[T]he massive assembly-line attempt to produce capable, professional national security forces has not worked well, and it’s been at tremendous cost. And for all those who say we should just keep doing what we’re doing in Afghanistan, let me explain why that’s not sustainable. Every year, between a quarter and a third of the Afghan army and the police desert. Now, these are people that we have armed and trained. We’ve given weapons to them. We’ve given them basic military training. And every year, a third of them disappear [with their guns].

Here’s the grim reality: U.S. military efforts to take charge and win the war, as in “winning hearts and minds” (known as WHAM) in 2009-10, proved unsustainable.  Follow-on efforts to turn the war over to the Afghan government (analogous to LBJ and Nixon’s “Vietnamization” policy in the waning years of the Vietnam War) are also failing.  Yet America’s newest commanding general in Afghanistan wants yet more troops for yet more “training,” effectively doubling down on a losing hand.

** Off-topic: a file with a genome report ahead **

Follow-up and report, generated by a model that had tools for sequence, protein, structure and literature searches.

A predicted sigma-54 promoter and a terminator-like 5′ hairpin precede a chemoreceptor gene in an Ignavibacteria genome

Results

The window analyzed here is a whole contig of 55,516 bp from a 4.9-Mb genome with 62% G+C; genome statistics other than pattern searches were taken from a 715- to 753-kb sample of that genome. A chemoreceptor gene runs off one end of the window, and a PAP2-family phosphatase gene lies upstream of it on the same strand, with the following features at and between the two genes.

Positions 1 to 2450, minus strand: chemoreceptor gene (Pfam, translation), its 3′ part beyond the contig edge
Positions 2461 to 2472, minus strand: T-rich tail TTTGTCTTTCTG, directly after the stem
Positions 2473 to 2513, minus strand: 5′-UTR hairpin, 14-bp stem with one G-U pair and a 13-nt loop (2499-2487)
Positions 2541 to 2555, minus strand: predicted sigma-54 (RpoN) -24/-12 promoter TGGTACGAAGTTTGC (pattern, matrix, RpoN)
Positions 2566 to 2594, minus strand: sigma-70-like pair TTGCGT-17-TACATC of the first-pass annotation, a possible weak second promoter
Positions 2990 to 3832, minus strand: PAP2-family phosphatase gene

Wissing
Required reading for those with eyes to see and ears to hear

The logical conclusion – that’s it’s high-time U.S. forces simply left Afghanistan – is never contemplated in Washington.  This is why Douglas Wissing’s book, “Hopeless But Optimistic: Journeying through America’s Endless War in Afghanistan,” is so immensely valuable.  Wissing is a journalist who embedded with U.S. forces in Afghanistan in 2013.  His book consists of short chapters of sharply drawn vignettes focusing on the street and grunt level.  Its collective lesson: Afghanistan, for Americans, doesn’t really exist as a country and a people. It exists only as a wasteful, winless, and endless war.